Infectious Diseases in a Warming World: Using a Modified SIR Model to Investigate the Incidence Rates of Lyme Disease in the New England Area
First Faculty Advisor
Second Faculty Advisor
climate change; vector; vector-borne disease; Lyme disease; New England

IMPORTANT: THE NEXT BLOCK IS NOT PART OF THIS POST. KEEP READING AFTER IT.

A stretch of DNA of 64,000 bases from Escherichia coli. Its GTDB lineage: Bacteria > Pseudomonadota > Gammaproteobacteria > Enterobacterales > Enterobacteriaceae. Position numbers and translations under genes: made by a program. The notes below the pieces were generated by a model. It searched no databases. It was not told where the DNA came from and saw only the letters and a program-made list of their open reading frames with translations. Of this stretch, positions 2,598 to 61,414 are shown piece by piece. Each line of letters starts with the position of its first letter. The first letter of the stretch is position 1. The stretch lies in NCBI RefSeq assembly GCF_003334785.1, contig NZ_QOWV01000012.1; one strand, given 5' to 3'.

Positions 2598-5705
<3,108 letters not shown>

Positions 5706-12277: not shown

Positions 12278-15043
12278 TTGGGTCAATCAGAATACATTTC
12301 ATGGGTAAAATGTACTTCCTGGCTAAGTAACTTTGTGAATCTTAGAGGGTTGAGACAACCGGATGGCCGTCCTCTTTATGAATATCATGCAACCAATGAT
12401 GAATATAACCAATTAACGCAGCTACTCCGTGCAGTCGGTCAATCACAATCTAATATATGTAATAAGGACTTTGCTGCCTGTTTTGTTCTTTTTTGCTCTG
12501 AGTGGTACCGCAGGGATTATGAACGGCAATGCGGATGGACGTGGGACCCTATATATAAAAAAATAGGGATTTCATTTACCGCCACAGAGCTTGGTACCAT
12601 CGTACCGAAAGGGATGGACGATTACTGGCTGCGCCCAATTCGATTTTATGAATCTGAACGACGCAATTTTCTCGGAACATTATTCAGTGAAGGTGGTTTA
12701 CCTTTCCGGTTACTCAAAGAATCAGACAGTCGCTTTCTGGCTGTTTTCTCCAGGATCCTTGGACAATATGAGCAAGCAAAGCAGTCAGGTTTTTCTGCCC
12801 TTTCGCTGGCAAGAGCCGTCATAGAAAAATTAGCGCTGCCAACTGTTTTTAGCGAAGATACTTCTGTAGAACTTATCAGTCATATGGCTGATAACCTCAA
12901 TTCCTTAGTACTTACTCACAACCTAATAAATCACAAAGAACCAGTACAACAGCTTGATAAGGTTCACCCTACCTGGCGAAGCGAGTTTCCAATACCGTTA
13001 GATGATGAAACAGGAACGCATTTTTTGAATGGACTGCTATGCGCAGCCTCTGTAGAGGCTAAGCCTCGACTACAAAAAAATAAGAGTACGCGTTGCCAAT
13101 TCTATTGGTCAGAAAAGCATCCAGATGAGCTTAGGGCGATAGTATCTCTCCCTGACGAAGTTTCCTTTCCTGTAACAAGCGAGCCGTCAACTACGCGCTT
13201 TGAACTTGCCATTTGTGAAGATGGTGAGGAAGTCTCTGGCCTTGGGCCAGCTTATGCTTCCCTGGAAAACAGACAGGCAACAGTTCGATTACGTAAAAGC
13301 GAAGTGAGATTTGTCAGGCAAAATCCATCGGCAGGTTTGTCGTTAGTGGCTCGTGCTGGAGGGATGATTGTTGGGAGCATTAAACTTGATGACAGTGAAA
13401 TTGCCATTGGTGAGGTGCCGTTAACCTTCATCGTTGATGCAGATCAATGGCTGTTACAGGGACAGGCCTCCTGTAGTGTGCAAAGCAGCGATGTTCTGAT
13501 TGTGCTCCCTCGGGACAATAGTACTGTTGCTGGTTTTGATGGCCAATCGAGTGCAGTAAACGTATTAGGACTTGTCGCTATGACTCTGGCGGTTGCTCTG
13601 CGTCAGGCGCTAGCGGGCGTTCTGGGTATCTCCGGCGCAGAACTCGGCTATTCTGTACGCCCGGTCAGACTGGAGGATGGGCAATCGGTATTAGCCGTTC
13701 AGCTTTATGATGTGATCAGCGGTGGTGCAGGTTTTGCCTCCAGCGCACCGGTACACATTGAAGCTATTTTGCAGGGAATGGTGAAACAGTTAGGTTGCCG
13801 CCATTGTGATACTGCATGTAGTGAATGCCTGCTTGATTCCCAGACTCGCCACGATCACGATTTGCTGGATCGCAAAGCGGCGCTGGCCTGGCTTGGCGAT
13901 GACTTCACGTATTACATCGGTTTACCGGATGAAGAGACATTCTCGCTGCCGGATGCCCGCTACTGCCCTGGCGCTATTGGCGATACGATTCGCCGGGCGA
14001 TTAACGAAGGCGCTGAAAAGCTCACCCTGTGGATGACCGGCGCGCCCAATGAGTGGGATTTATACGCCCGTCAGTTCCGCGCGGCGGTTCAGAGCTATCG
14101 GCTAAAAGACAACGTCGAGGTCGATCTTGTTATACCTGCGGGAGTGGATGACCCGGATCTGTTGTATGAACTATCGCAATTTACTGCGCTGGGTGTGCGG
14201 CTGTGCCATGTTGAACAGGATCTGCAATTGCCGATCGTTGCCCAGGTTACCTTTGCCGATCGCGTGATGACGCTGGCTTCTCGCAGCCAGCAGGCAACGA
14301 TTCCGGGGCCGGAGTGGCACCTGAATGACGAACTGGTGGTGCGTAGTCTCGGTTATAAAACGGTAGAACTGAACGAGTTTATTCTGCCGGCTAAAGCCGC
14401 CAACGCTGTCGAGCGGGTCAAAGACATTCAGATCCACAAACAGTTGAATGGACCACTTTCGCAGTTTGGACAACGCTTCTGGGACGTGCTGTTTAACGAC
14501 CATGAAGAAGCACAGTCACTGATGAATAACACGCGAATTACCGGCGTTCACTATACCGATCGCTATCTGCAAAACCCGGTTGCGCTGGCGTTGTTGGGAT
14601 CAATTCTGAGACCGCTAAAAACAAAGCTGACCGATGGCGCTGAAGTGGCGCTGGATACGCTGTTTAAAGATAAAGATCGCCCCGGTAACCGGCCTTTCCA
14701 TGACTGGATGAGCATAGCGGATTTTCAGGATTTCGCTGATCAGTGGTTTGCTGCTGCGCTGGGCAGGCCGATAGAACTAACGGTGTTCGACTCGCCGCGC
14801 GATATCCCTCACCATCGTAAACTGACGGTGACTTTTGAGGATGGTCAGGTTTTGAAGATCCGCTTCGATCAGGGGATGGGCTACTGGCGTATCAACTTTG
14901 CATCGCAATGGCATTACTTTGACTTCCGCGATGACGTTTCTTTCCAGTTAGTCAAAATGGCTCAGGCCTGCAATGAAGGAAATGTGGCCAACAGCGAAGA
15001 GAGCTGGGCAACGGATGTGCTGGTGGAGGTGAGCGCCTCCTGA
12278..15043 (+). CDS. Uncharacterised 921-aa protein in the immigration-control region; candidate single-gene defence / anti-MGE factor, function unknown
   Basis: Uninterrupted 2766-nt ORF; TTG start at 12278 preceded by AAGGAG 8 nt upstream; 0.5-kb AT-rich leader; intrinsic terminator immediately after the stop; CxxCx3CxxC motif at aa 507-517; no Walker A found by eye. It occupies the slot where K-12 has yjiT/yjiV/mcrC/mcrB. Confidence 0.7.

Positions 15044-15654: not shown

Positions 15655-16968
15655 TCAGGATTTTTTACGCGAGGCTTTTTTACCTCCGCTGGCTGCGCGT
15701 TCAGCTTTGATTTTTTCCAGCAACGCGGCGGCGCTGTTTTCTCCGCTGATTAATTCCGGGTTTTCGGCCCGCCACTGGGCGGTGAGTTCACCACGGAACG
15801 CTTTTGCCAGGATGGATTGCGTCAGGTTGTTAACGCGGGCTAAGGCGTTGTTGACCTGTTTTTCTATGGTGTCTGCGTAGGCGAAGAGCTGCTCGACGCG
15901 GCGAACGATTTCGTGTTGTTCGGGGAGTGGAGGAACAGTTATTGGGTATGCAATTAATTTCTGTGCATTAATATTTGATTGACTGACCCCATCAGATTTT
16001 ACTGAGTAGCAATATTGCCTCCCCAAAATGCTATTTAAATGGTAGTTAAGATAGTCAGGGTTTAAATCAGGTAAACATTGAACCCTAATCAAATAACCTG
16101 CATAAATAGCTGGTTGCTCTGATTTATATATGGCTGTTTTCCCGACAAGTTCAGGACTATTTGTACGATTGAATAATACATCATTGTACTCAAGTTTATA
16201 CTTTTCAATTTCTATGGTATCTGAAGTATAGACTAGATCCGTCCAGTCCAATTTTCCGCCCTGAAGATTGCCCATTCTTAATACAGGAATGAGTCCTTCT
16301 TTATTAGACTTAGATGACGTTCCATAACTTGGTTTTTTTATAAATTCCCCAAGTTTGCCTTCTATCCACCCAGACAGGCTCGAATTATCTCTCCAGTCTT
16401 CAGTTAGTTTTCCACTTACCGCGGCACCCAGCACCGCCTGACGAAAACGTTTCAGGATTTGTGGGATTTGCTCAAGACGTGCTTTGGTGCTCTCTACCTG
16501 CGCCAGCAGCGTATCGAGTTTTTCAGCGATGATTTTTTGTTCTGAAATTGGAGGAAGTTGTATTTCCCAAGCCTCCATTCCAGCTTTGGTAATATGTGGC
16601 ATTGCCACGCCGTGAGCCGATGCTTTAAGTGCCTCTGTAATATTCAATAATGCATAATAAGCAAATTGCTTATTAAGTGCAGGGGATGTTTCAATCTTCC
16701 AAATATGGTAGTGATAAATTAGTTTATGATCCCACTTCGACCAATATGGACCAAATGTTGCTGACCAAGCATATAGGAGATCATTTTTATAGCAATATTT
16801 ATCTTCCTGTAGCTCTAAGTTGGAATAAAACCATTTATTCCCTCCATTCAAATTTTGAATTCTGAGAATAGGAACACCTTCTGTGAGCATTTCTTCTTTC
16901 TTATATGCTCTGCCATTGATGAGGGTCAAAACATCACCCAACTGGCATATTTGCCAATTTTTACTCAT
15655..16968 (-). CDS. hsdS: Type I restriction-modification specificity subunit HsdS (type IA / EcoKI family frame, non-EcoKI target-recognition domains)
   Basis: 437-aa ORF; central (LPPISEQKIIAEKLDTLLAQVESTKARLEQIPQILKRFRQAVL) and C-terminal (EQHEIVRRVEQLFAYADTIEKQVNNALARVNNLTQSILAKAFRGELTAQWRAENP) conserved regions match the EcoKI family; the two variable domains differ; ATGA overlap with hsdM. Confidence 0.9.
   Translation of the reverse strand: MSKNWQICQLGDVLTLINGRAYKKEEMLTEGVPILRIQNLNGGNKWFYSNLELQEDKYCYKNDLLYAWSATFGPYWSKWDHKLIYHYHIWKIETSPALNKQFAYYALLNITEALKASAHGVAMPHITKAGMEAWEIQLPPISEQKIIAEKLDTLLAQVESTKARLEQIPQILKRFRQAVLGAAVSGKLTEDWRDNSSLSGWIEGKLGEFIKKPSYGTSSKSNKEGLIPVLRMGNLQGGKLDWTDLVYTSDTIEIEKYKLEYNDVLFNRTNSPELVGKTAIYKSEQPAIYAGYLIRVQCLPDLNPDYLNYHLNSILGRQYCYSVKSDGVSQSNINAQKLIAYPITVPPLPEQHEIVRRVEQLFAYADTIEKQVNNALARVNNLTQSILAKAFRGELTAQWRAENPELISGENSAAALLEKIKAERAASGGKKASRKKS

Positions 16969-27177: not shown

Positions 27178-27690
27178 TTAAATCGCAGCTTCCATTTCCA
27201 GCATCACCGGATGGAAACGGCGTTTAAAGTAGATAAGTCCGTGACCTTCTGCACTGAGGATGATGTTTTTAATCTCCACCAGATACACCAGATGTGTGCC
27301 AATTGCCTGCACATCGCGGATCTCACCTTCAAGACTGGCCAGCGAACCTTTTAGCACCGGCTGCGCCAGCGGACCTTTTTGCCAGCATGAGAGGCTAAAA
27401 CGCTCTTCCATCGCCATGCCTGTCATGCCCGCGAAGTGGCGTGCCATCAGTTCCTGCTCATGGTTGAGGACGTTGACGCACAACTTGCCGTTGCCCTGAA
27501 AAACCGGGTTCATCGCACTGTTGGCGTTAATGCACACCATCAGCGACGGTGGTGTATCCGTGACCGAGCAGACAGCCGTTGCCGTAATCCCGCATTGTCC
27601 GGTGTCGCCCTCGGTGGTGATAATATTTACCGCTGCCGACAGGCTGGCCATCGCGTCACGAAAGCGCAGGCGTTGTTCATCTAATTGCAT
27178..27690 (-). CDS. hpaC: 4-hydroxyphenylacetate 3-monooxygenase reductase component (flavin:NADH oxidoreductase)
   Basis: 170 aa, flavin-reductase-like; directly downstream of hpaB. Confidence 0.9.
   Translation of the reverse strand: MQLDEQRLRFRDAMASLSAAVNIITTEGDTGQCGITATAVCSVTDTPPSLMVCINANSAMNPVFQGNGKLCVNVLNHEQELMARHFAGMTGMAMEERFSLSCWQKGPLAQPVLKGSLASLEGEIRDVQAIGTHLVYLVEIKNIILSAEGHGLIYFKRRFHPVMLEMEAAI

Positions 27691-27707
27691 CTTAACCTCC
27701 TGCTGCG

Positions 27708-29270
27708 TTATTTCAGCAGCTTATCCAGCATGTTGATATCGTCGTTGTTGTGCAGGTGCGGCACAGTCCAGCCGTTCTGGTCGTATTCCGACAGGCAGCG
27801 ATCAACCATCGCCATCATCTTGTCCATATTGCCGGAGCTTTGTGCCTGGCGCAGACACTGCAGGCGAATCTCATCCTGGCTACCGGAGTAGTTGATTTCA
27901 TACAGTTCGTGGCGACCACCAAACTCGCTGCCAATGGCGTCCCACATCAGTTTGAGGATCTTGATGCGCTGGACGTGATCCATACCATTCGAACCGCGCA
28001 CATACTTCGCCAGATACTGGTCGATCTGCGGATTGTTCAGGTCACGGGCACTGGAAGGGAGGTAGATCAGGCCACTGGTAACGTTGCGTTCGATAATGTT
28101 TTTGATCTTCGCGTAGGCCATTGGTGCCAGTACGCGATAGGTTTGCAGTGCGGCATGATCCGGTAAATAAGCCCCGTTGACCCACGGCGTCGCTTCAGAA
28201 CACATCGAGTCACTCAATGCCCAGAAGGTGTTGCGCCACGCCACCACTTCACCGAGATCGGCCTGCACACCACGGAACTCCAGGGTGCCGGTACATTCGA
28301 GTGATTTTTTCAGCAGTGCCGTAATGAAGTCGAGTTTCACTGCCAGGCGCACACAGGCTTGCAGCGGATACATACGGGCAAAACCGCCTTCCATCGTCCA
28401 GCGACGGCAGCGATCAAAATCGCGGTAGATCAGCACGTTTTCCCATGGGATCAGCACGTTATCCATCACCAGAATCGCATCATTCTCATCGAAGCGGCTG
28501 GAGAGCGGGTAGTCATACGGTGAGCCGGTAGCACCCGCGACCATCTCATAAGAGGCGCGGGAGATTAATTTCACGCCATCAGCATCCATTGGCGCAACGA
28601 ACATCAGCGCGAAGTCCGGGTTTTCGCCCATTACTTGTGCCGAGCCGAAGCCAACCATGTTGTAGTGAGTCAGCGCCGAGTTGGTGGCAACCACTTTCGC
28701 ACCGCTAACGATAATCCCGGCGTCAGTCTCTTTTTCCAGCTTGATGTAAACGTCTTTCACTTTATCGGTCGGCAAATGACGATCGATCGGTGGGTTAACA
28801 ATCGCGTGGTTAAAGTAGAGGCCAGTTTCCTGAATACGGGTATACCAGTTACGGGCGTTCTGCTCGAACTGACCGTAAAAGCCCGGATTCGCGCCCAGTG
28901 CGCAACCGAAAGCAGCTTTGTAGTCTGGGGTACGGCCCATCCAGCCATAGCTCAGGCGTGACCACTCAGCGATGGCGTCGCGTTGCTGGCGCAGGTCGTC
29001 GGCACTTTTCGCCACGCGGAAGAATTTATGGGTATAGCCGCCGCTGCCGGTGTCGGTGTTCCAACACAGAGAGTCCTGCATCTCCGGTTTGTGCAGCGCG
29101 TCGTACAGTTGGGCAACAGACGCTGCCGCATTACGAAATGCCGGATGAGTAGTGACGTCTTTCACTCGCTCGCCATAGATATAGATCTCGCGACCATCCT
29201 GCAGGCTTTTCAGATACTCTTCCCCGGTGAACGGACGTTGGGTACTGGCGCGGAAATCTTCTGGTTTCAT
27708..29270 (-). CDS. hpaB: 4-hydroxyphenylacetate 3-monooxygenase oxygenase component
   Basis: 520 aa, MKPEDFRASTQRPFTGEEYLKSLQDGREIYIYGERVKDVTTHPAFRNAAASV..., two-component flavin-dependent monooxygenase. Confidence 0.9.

The effects of climate change are global and unprecedented in scale. Public health is likely to suffer as a result of the warming climate, and one particular risk is the increase in the occurrence of vector-borne diseases (VBDs) in different regions across the world. The purpose of this project is to investigate the impact of rising temperatures on the incidence rates of Lyme disease in the New England area. Following a review of the existing literature relating to the impact of climate factors on VBDs, an SIR model modified for temperature conditions will be utilized to produce several simulated scenarios. Mean monthly temperatures were gathered for a series of 10 months around Storrs, Connecticut, with additional variables obtained or estimated based on the available literature. Analysis of the data showed that higher mean temperatures coincided with earlier onset of Lyme disease outbreaks in the New England area. Additionally, increasing the minimum average temperature alone yielded the most significant results with an outbreak of the disease occurring sooner and infecting a greater number of hosts. This information could be significant in informing how we utilize pesticides in the future.